Archive for April, 2010

Visual Studio Build Time Cut By 85%

If you’re an ASP.Net Developer reading this post, you’re probably frustrated with the amount of time it takes to build and launch an ASP.Net web page, especially when working with complex multi-project solutions.  The interesting thing is the majority of the wait time is post-build, while the web server (either .Net Dev Server or IIS) recompiles the code for every page on your site.  In order to pinpoint the hardware bottleneck, I opened an instance of Resource Monitor while compiling and running one of my larger web solutions.  Interestingly, the major bottleneck appeared to be the Disk I/O.  Note that your CPU can also bottleneck the process, but the Hard Disk is the number 1 culprit causing the slow compilation.

Using the solutions below, I was able to cut the build time on my current project down from over 1 minute to about 7 seconds.  Here are the two solutions I’ve found to the problem.

Solution #1
The first successful solution was to install a Solid State Hard Drive.   Solid state drives use flash memory to store data, which provides sub-millisecond access times when locating files.  ASP.Net compilation involves intense I/O of small files, which is the #1 strength of solid state drives.  After much research, I’ve found the Intel X25-M to currently be the clear winner in terms of price/performance for solid state hard drives.   I bought mine at $500, but you can now get one for less than $250.  Newegg usually has the best price on these:

Intel X25-M Mainstream SSDSA2M080G2XXX 2.5″ MLC Internal Solid State Drive (SSD)

This not only greatly improved build times, but also made all of my apps snappy. Photoshop loads up instantly now, instead of the annoying 10 second delay.   Note the 80Gb storage capacity is a limitation, so you’d probably need a secondary storage drive. Also, solid state drives are great for laptops, b/c they aren’t sensitive to shock like traditional hard drives.

Solution #2 (The Even Faster and Free Solution)
If you’ve got a lot of RAM, create a 500Mb NTFS RAM Drive, and direct Visual Studio to use it as the temp directory.  99% of that file I/O is in the temp directory, so this is a free way to instantly speed up your builds.

If you created your RamDrive as R:\, just adjust the web.config as follows:
<compilation tempDirectory=”R:\” debug=”false” />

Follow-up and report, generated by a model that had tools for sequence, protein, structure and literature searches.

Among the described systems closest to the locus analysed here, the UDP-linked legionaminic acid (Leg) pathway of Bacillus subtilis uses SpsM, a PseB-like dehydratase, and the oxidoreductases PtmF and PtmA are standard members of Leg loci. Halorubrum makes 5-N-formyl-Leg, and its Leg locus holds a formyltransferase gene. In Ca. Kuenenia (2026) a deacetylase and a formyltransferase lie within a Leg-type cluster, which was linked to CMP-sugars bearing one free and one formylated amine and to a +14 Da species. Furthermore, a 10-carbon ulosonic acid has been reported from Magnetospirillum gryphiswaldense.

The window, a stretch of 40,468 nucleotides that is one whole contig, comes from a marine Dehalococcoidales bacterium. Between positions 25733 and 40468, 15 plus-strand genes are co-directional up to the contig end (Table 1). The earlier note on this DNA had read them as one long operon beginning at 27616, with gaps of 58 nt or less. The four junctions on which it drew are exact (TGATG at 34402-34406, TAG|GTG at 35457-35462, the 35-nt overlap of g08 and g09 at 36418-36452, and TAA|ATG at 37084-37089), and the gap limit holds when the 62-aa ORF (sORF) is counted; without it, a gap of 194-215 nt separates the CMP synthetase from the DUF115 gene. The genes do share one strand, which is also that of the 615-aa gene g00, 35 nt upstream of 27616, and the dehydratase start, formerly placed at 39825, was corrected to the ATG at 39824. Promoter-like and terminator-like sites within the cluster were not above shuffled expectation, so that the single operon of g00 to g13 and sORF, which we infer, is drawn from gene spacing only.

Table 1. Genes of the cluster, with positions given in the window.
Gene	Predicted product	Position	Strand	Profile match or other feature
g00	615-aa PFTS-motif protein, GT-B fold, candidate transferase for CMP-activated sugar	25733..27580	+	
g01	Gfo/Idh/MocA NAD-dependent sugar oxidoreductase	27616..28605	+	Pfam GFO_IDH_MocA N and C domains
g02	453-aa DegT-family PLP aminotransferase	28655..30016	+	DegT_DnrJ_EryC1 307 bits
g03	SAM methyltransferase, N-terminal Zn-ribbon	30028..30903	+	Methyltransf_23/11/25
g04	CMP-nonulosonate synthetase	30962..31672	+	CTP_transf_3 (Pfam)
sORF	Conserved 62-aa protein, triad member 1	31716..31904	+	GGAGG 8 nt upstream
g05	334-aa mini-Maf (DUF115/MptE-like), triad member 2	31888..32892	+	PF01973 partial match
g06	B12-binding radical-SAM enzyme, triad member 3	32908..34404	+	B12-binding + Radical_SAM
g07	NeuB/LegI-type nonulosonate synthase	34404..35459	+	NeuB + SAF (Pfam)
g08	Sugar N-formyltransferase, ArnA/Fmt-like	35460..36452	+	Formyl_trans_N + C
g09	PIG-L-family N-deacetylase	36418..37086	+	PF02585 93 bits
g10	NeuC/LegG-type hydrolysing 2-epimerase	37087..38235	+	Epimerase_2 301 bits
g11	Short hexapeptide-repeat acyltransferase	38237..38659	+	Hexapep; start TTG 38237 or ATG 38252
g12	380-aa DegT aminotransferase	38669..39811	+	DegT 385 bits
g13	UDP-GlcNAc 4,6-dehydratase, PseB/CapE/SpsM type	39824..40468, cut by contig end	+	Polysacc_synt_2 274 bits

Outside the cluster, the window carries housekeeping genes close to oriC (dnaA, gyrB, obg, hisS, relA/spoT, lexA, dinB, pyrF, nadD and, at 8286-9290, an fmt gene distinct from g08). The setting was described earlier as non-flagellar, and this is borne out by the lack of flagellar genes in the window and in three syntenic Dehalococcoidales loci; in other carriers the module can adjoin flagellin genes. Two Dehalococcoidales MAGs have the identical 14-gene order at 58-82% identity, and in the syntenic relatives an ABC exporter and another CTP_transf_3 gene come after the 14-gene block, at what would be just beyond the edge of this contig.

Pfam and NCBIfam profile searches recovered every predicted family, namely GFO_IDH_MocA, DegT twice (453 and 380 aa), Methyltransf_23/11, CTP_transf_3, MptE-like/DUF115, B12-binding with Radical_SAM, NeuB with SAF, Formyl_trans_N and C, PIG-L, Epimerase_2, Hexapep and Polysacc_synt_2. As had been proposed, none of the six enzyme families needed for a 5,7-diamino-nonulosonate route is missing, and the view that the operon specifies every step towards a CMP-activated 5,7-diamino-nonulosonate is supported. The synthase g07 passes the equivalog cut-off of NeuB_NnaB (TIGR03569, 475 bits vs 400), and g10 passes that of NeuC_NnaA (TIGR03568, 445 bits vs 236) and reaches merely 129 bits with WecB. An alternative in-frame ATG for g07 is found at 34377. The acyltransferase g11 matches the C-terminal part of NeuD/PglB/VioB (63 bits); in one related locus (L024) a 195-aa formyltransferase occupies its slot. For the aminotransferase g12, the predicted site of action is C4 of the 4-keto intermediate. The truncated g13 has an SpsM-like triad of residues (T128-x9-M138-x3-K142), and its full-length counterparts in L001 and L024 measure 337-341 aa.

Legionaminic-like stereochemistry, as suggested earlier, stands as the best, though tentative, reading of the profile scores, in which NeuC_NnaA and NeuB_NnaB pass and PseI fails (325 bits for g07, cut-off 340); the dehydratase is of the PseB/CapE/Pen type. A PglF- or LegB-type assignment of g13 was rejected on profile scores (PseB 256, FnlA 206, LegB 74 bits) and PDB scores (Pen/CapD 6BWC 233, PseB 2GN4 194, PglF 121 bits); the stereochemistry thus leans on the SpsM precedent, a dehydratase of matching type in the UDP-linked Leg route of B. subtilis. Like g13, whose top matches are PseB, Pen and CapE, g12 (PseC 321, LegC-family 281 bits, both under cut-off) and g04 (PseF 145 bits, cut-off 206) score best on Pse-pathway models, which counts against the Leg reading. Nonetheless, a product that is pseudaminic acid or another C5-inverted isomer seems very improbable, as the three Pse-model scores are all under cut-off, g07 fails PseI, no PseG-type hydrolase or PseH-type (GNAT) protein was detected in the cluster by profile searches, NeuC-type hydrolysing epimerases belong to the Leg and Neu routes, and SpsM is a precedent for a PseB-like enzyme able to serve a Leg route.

Here’s the free RamDrive software I use.   It’s shareware, so it has an annoying popup in the taskbar unless you register it (There is no popup in Windows 7 however).   There are 2 downloads you need.

I’m currently the only developer in our company.   There’s no way I would’ve been able to keep up with the workload if I was still dealing with that +1 minute build time.  I Hope you can use these tips to save yourself and your organization a boatload of time.

Please leave any other tips for improving build times in the comments section below.  Thanks!

.Net Framework 4.0 Update Panel Problems

For those of us who use the __doPostBack method in combination with hidden fields to control updatepanel post backs, the latest .Net 4.0 release presents a small problem.   __doPostBack calls without an associated control id no longer cause a full postback when executed from an updatepanel.  Somehow, .Net knows which update panel you execute the __doPostBack call from and in response only updates the associated panel.   Click here for more information on launching post backs directly using JavaScript.

This poses a problem if you have written code that actually needs to launch a full page postback from within an updatepanel.   The work around is pretty simple, though it’s quite annoying to browse through a multi-project solution and find every instance of this issue.


Whenever you want to launch a full page postback using the __dopostback command, you’ll need to include a matching hidden field outside of all update panels.  Here’s a sample:

<asp:UpdatePanel ID=”up1″ runat=”server”>
<input type=”button” onclick=”__doPostBack(‘cmdDoSomething’, ”);”>

<!– Force Full Page Postback Here –>
<input type=”hidden” id=”cmdDoSomething” >

I’m very thankful for FireBug, as I spent about 5 hours using it to track down and resolve this issue.  I’d love to hear from anyone who may know more about underlying changes to AJAX functionality in the new 4.0 Framework.  I’m concerned that there may be other hidden problems arising as I convert more sites over to 4.0.

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